CHICAGO - Like many Americans at this time of year, the food industry has been talking a lot about healthy eating, improved nutrition and making better choices.
Trans fats are out, whole grains are in and so are reminders about balanced lifestyles.
Whether it lasts longer than a New Year’s resolution, that commitment to healthier foods should soon be more evident in the marketplace.
Faced with childhood obesity concerns and changing dietary guidelines, packagedfoods makers and fast-food companies are responding with products and initiatives that will surface on store shelves and menus and in vending machines and TV ads.
Bob Goldin, an analyst at Chicago-based food consultancy Technomic, senses ‘‘a real ground shift’’ starting to take place in the industry — even if consumers don’t sense it overnight.
‘‘Slowly but surely, I think we are seeing some change,’’ he said.
‘‘We’re going to see some (more) product reformulation, changes in marketing practices and the introduction of foods that are healthier for you. But we’re very, very early in the game.’’
So far, companies’ efforts to meet growing demands for healthier, more nutritious products have been a combination of ‘‘a lot of baby steps and lip service,’’ according to Goldin.
Federal officials took actions Wednesday that should make those steps bigger.
They issued new dietary guidelines that set the stage for the revision of the familiar food pyramid in two months, advising Americans to eat more whole grains, fruits and vegetables and stick to fatfree or lowfat milk.
Food manufacturers tracked the year-long hearing process closely, taking notes and lobbying behind the scenes. They now are likely to come out with more whole-grain cereals and breads, more low-fat dairy products and perhaps changes in the ways french fries and chips are prepared, said Dr. Xavier Pi-Sunyer, a member of the dietary guidelines advisory committee.
‘‘If they can say they’re following the guidelines, they’ll sell more products,’’ said Pi-Sunyer, director of obesity research at St. Luke’s-Roosevelt Hospital in New York.
A spate of announcements in the past week typified the shifts under way and testified to the pressure on companies to change.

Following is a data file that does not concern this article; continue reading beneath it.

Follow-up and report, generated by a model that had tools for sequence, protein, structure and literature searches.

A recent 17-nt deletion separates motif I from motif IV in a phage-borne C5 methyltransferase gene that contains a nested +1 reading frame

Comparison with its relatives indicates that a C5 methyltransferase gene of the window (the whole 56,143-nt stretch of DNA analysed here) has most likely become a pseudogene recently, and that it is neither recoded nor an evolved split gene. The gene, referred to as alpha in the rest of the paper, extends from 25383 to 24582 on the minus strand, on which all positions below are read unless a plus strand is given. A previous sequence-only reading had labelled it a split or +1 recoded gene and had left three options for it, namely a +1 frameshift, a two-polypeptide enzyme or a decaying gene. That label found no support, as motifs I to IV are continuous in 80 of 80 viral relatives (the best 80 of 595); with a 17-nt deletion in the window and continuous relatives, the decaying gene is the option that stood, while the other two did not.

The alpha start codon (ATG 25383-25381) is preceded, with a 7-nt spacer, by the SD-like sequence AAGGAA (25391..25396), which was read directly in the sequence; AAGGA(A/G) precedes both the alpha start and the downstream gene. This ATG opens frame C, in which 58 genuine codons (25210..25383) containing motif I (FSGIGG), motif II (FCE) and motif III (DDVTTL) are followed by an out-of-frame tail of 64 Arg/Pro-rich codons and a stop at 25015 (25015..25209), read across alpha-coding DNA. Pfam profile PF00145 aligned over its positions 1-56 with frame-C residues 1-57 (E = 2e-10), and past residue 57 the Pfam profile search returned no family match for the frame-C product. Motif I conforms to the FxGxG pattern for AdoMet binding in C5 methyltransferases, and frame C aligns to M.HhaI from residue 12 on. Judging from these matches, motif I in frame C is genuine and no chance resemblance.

Kraft Foods, the nation’s largest food manufacturer, said it would curb advertising of Oreo cookies, regular Kool-Aid and other popular snacks to children under 12 to help encourage better eating habits. It also will begin labeling food and beverages that meet certain nutrition criteria with a flag touting the products’ benefits.
The vending machine trade association launched an anti-obesity campaign featuring a color-coded rating system with green (‘‘Best choice’’), yellow (‘‘Choose occasionally’’) and red (‘‘Choose rarely’’) stickers for items, based on nutrition content.
A symbol system is being used by PepsiCo, which announced a major promotion for the ‘‘Smart Spots’’ now designating some of its Baked Lay’s, Tropicana and other products as healthier items.
The company also has reduced the amount of sugar in Quaker cereals.
The Grain Foods Foundation trade group disclosed plans for a big ad campaign touting the nutritional value of grain-based products, capitalizing on the emphasis on bread and grains in the new USDA guidelines. That came three months after General Mills said it would convert Trix, Lucky Charms and all its other breakfast cereals to whole grain.
Also, Gorton announced it had removed trans fats from all 56 Gorton’s frozen seafood products, and Dannon Co. unveiled a new ‘‘hearthealthy’’ nonfat yogurt, Dannon’s Light ’n’ Fit with Fiber.
What’s next — low-fat pizza?
Actually, that’s just been added to the menu at Pizza Hut. The Yum Brands-owned chain recently introduced the Fit ’N Delicious pizza, containing 25 percent less fat than its regular version.
The healthier eating trend already has reshaped hamburger chains’ menus, although hardly displacing burgers and fries.
Salads introduced less than two years ago have become big sellers for McDonald’s, which also is promoting healthier options such as Happy Meals with fruit along with low-fat milk and bottled water.
Wendy’s International and Burger King Corp. have made similar menu tweaks, with positive results.
While it may be too soon to declare winners and losers from changes under way, analysts say many of the moves should pay off for companies.
‘‘They’re beginning to realize that by making sure you’re on trend with the push for better, healthier foods, it can make a difference in your bottom line,’’ said Morningstar food analyst Mark Hugh Sam.
‘‘The pendulum had swung toward too much marketing and toward the better-tasting aspects of food,’’ he said.
‘‘Now we’re seeing the pendulum swing back toward a balance between nutrition and taste.’’
The biggest catalyst for change is public alarm about worsening obesity and nutrition problems among children, according to Goldin, who cites ‘‘a fair amount of fear’’ at companies — fear of regulation, litigation and consumer backlash.
Margo Wootan, director of nutrition policy at the Center for Science in the Public Interest, calls the recent moves ‘‘the first step on a long journey’’ toward addressing food companies’ products and marketing practices.
‘‘Some of the steps that companies are taking are meaningful,’’ she said. ‘‘And others are staging PR events to try to deflect blame away from their products.’’
Nick Hahn, a former Coca-Cola Co. marketing executive, said that simply eliminating ‘‘bad stuff’’ from their products isn’t a long-term solution for food companies.
‘‘We need to move from a ’no’ culture to a ’yes’ culture,’’ said Hahn, managing director for the Vivaldi Partners consulting firm. ‘‘Instead of less bad stuff, we need to talk about more good stuff — more fresh products, organic products, high-mineral products.’’